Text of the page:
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Old 09-14-2011, 03:22 PM
Christopher Hawker
 
Default Cons of disabling *.i386 and *.i686 in a 64bit Distribution

I could not see any issues with it. As you probably know i386 packages will work on an x86_64 install, and there are some packages written for i386 that you can't get for x86_64. You could disable it, but my system runs perfect with it.


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Regards,
Christopher Hawker

On Thu, Sep 15, 2011 at 12:52 AM, James Nguyen <james@callfire.com> wrote:

Can anybody give me a reason why this would be a bad idea. *So the premise for this question is that I setup an exclude=*.i368,*.i686 in my yum.conf. *While doing a yum update I come across missing package dependencies for instance mkinitrd for the i386 package. *I noticed there is already one for x86_64. *I realized during the kickstart install that some of these *.i386 got installed before I could enable the exclude in the yum.conf.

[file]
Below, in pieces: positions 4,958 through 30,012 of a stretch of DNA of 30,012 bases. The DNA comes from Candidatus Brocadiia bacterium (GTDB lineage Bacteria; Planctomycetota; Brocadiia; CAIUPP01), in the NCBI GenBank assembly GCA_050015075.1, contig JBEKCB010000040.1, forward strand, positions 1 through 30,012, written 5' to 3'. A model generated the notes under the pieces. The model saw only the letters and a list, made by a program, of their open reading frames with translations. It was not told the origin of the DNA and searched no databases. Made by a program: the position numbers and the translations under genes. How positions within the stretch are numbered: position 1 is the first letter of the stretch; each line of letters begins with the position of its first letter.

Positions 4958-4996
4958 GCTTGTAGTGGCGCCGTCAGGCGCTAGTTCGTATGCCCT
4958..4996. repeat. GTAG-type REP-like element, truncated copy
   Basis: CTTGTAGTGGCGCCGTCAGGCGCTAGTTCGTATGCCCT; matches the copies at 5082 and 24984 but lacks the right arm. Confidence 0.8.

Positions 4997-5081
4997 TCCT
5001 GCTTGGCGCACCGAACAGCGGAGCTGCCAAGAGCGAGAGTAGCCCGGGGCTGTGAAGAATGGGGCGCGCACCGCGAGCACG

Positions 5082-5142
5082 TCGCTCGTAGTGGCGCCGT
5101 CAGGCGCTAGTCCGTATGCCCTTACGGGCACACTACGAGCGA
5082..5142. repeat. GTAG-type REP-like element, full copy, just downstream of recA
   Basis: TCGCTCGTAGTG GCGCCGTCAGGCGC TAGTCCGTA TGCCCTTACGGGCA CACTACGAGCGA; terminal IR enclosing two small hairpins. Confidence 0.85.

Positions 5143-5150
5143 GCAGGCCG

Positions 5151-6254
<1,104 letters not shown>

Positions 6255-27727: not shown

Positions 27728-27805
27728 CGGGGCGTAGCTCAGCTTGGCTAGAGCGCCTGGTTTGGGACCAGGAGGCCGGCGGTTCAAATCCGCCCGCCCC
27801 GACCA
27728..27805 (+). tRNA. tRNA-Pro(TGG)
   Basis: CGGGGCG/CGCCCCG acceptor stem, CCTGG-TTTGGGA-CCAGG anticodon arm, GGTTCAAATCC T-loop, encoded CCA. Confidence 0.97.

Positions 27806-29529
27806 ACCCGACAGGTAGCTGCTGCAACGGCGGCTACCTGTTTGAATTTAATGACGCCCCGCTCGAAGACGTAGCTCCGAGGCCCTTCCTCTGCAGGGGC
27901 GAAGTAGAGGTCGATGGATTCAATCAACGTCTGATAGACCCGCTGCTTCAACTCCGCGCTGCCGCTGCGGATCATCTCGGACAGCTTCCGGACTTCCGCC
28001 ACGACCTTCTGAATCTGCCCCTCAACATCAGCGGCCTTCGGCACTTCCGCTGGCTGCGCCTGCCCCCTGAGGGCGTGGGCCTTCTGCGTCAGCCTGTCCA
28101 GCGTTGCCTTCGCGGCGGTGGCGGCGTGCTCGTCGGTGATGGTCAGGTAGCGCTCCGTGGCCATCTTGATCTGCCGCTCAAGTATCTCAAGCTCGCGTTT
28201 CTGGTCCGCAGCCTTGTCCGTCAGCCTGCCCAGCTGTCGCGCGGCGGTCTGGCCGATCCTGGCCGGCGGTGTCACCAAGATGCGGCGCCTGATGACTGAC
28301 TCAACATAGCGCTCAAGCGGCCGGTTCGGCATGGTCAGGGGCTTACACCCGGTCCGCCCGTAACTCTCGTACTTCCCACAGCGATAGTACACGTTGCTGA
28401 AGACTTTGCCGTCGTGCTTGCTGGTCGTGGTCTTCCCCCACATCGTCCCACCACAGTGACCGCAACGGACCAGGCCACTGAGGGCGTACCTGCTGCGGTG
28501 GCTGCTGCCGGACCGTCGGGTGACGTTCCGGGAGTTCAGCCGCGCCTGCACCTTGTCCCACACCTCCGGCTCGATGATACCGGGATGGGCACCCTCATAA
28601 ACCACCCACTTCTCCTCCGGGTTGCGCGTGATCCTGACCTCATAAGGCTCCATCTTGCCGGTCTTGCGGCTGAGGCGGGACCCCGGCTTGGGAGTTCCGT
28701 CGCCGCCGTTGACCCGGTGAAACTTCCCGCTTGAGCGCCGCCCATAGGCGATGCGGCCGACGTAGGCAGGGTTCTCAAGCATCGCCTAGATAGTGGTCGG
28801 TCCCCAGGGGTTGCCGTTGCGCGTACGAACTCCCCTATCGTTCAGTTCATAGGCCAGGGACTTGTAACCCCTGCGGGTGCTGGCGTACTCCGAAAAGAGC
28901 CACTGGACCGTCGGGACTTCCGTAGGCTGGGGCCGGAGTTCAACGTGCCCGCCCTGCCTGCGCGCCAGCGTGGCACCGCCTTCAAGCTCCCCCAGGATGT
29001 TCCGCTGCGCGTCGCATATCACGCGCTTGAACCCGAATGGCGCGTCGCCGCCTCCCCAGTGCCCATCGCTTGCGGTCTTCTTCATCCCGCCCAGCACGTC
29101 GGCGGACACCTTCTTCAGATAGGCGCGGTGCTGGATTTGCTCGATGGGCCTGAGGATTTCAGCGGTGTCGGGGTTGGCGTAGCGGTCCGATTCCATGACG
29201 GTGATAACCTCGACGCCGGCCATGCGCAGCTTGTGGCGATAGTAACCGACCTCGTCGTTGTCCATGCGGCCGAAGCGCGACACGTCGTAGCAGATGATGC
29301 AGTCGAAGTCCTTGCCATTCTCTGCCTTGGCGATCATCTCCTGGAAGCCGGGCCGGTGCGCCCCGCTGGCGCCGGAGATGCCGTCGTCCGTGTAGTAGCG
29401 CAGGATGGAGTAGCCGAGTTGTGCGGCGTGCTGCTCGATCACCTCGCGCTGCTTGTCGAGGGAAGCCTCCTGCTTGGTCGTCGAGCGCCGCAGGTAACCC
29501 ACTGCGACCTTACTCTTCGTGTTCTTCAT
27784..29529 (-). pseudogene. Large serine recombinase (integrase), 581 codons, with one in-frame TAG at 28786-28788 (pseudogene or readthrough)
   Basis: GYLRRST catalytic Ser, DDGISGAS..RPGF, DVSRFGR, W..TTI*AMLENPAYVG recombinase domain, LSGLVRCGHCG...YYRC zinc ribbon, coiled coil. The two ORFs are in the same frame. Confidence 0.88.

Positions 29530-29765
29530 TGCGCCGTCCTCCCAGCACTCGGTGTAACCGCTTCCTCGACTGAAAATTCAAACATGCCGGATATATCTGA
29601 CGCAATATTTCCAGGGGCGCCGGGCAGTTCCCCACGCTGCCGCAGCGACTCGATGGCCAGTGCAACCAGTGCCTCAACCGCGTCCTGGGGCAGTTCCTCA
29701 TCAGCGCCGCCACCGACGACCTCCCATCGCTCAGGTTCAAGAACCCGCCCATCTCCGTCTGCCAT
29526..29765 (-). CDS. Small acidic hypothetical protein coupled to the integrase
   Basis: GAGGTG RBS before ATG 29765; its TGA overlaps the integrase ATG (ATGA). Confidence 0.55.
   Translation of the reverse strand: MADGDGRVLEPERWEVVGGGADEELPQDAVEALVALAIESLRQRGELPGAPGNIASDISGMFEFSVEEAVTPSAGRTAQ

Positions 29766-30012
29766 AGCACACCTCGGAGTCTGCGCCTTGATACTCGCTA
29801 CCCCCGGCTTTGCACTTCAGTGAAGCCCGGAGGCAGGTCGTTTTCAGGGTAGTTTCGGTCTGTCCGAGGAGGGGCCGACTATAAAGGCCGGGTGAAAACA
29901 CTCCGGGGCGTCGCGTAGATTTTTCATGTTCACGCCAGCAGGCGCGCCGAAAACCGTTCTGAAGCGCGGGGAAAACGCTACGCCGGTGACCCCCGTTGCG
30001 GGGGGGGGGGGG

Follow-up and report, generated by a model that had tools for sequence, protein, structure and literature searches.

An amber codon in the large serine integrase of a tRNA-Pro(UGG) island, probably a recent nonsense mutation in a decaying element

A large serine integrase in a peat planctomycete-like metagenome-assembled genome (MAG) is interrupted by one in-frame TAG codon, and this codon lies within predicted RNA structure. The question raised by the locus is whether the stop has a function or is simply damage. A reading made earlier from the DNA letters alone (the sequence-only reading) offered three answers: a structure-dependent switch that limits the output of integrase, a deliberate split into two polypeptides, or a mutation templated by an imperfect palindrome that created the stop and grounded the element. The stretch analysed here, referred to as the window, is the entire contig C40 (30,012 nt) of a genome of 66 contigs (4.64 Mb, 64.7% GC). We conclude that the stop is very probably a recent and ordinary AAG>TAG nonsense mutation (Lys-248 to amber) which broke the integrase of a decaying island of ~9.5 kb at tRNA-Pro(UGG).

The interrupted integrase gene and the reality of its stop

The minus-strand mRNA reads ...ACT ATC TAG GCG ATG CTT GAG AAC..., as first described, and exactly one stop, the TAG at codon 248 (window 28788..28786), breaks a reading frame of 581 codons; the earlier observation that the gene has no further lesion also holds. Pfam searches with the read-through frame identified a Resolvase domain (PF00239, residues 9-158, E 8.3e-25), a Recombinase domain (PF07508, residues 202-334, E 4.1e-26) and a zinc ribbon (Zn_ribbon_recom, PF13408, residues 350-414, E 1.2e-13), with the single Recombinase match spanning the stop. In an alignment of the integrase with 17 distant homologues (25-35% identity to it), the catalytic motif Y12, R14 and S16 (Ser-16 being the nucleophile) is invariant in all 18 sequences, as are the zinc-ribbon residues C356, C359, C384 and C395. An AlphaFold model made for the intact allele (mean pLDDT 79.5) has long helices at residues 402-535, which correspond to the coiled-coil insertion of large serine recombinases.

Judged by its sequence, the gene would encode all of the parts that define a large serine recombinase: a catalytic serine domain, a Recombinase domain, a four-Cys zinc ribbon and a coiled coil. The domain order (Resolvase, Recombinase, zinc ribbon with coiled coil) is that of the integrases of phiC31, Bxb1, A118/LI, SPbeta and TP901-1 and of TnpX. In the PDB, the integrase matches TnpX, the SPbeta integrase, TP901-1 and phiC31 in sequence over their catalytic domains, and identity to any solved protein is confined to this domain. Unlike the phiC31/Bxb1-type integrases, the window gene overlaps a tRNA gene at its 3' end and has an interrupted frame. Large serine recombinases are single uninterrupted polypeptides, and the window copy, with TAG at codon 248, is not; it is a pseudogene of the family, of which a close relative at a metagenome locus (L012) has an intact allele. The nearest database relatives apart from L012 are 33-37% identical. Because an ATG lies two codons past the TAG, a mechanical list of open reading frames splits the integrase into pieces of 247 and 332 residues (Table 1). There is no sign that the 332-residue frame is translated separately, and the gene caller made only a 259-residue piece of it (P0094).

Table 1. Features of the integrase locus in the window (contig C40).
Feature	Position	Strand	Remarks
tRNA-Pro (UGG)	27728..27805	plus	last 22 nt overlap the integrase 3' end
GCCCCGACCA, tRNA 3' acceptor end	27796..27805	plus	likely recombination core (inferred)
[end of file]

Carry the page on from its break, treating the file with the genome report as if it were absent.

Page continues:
So the questions I pose is... why are some of these *.i386 packages getting installed on a 64bit distro? is there any harm is removing them all?
I guess I could spin up a virtual and try, but wanted to see what the census already knows about this matter as well.

Thanks!--



james h nguyen |*lead systems architect |*www.callfire.com*|*1.949.625.4263





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Old 09-14-2011, 04:49 PM
James Nguyen
 
Default Cons of disabling *.i386 and *.i686 in a 64bit Distribution

On Wed, Sep 14, 2011 at 8:22 AM, Christopher Hawker <cwhawker1@gmail.com> wrote: